Smoking :: Lite low tar cigarettes impair blood flow as much as regular cigarettes

Low tar ?lite? cigarettes impair blood flow through the heart as severely as regular cigarettes, reveals a small study published ahead of print in the journal Heart.

The findings are based on 62 people in their mid 20s, with no evidence of coronary artery disease.

Twenty had smoked low tar, low nicotine cigarettes (8 mg tar, 0.6 mg nicotine, and 9 mg carbon monoxide) for at least three years.

Twenty others had smoked regular cigarettes for the same period (12 mg tar, 0.9 mg nicotine, and 12 mg carbon monoxide), and the remainder were non-smokers.

Cigarette smoking is responsible for a fifth of all deaths from cardiovascular disease and triples the risk of heart failure in later life.

All participants were assessed for cardiovascular fitness, and in the case of the smokers, these tests were carried out two days before and 30 minutes after smoking two of their usual cigarettes within the space of 15 minutes.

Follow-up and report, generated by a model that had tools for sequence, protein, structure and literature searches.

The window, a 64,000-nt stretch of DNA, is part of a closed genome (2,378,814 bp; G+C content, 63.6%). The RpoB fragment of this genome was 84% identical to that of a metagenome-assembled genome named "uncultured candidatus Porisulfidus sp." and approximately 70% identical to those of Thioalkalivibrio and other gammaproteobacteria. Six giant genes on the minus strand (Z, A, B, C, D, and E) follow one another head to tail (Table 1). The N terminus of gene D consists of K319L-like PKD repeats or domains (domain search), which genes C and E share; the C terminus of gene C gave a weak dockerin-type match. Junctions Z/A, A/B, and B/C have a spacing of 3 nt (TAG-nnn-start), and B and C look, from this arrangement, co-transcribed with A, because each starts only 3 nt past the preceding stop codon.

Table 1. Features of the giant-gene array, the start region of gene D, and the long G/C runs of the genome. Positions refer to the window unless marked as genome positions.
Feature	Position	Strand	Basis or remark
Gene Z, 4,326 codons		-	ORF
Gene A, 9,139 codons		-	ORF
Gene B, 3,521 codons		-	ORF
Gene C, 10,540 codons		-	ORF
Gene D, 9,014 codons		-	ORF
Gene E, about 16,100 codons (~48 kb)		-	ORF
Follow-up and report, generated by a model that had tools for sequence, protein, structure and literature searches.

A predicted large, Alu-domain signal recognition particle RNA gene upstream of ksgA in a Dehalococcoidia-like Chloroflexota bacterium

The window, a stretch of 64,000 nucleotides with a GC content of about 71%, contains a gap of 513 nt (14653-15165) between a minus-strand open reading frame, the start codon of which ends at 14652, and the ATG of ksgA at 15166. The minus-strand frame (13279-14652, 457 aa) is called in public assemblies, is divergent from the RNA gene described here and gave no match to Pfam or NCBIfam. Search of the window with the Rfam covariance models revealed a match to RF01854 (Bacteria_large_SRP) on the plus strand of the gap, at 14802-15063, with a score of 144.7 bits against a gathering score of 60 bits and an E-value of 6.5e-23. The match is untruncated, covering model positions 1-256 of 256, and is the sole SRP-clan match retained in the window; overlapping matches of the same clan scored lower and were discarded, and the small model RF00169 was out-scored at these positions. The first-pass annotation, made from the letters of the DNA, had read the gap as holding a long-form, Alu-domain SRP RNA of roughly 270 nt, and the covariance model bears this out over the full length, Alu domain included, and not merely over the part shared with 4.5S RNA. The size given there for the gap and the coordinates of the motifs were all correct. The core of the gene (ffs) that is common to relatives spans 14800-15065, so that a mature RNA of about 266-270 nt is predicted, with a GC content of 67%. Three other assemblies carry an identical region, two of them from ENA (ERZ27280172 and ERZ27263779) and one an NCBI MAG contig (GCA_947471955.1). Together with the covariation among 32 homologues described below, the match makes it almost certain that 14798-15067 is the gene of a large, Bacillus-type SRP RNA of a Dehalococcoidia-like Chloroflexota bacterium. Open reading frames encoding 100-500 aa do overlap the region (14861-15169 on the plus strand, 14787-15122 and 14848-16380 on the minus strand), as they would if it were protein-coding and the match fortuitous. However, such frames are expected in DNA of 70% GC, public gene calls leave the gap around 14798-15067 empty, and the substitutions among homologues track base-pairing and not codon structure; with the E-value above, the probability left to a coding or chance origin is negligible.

The researchers focused on coronary flow velocity reserve (CFVR), which is a measure of how readily coronary arteries can dilate in response to increased blood flow.

The two groups of smokers were similar in terms of their general health and the number of cigarettes they regularly smoked.

The test results showed that blood pressure and heart rate both climbed after smoking, irrespective of cigarette type.

Similarly, CFVR, which was already lower in both groups of smokers than it was in the non-smokers, fell further still after smoking. This was irrespective of cigarette type.

CFVR fell sharply from 2.68 to 2.05 in the low tar smokers, and from 2.65 to 2.18 in the regular tar smokers. The CFVR was 3.11 in the non-smokers.

The authors say their results show that both light cigarettes and regular cigarettes impair blood flow through the coronary arteries to a similar degree. They add that many smokers switch to low tar, low nicotine cigarettes in the mistaken belief that they will reduce some of the hazardous effects of smoking.

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